Fallout continues from college admissions scandal

Free Press wire reports | 3/15/2019, 6 a.m.
Colleges and companies moved swiftly this week to distance themselves from employees swept up in a nationwide college admissions scheme, ...

Left, Lori Loughlin and Felicity Huffman

Left, Lori Loughlin and Felicity Huffman


Colleges and companies moved swiftly this week to distance themselves from employees swept up in a nationwide college admissions scheme, many of them coaches accused of taking bribes as well as prominent parents accused of angling to get their children into top schools by portraying them as recruited athletes.

That celebrities were among the accused parents — actresses Lori Loughlin and Felicity Huffman headline the list — created much buzz, but other parents charged included people prominent in law, finance, fashion, manufacturing and other fields — people who could afford the steep price.

At least nine athletic coaches and 33 parents were among those charged Tuesday in the scheme that federal authorities called the biggest college admissions scam ever prosecuted by the U.S. Justice Department.

Some parents spent hundreds of thousands of dollars, as much as $6.5 million, to guarantee their children’s admission at the nation’s most elite schools, officials said, including Yale, Stanford, Georgetown, Wake Forest, the University of Texas, the University of Southern California and the University of California at Los Angeles. All told, federal authorities said the parents collectively are accused of paying an estimated $25 million in bribes.

“These parents are a catalog of wealth and privilege,” U.S. Attorney Andrew Lelling said Tuesday in announcing the results of the investigation code named Operation Varsity Blues.

The scandal is certain to inflame long-standing complaints that children of the wealthy and well-connected have the inside track in college admissions — sometimes through big, timely donations from their parents — and that privilege begets privilege.

Among the parents charged was Gordon Caplan, of Greenwich, Conn., co-chairman of the law firm Willkie Farr & Gallagher based in New York. Mr. Caplan “will have no further firm management responsibilities,” the firm said in a statement Wednesday.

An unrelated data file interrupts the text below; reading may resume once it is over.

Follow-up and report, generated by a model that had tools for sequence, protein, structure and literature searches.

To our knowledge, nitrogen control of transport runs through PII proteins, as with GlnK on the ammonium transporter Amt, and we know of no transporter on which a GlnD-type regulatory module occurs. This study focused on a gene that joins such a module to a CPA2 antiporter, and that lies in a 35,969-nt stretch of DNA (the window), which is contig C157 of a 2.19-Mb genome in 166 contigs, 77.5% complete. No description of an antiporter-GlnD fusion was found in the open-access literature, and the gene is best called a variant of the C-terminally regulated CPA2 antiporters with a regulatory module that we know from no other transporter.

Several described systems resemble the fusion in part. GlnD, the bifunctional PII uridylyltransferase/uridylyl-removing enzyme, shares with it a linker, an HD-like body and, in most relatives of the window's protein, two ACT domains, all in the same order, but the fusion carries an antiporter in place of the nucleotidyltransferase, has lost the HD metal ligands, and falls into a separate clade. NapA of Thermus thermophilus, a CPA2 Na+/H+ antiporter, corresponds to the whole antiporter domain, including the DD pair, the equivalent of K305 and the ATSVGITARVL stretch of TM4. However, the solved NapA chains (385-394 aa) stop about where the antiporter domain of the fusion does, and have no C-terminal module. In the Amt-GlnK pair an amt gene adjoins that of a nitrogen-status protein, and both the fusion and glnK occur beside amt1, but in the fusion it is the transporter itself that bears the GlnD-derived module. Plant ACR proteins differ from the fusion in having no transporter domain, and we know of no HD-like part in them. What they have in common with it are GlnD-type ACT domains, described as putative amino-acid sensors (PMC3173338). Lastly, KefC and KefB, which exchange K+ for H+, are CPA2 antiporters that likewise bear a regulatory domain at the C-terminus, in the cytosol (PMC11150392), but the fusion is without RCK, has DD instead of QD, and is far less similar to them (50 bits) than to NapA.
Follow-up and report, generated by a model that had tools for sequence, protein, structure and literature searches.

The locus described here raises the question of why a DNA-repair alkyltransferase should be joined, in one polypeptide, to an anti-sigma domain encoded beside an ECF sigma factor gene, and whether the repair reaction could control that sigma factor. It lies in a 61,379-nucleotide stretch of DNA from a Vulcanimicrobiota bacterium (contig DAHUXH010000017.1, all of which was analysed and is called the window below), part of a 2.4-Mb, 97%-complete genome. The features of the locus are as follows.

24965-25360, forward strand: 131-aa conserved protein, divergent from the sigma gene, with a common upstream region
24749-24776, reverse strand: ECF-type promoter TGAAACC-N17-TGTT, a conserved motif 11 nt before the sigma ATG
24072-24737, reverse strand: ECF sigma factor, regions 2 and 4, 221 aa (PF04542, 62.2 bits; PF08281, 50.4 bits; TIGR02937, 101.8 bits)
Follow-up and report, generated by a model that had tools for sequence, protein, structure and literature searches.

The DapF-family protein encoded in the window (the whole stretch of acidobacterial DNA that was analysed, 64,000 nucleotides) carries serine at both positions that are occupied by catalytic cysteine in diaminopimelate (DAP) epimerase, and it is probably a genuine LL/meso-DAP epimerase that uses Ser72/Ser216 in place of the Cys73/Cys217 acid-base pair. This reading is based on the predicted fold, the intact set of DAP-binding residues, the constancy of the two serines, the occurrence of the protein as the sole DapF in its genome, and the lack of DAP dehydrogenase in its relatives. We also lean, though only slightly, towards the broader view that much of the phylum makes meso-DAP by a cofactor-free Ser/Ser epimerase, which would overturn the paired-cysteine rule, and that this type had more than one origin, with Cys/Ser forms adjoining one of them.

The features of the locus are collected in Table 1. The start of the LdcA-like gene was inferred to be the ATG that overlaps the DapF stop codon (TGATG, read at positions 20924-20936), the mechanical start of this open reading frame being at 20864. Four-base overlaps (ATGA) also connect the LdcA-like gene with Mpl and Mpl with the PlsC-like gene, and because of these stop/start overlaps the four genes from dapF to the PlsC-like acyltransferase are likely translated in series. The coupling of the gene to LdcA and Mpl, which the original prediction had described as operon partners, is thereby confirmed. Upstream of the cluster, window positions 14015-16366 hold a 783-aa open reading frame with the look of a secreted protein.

Telephone messages seeking comment have been left with Mr. Caplan, who is accused of paying $75,000 to get a test supervisor to correct the answers on his daughter’s ACT exam after she took it.

Hercules Capital, a Palo Alto, Calif., hedge fund, announced Wednesday it was replacing its leader, Manuel Henriquez, who has been arrested in New York City and released on $500,000 bail. Mr. Henriquez will still hold a seat on the board and serve as an adviser, Hercules officials said.

Mr. Henriquez and his wife, Elizabeth, of Atherton, Calif., were charged with participating in the scheme on four occasions for their two daughters. They were also charged with conspiring to bribe Gordon Ernst, former head tennis coach at Georgetown University, to designate their older daughter as a tennis recruit to facilitate her admission and with making a $400,000 contribution to a charity to help her get admitted to the school.

Georgetown said Mr. Ernst hadn’t coached there since December 2017 after an investigation found he violated university admissions rules. The University of Rhode Island says Mr. Ernst, who was hired as head women’s tennis coach in August, was placed on administrative leave.

At a court hearing Tuesday in Maryland, a federal magistrate freed Mr. Ernst on $200,000 bond. His lawyer, Michael CitaraManis, said his client isn’t a flight risk. Mr. Ernst had planned to attend a job interview in Toronto soon, he said, “although I don’t know the impact from these proceedings.”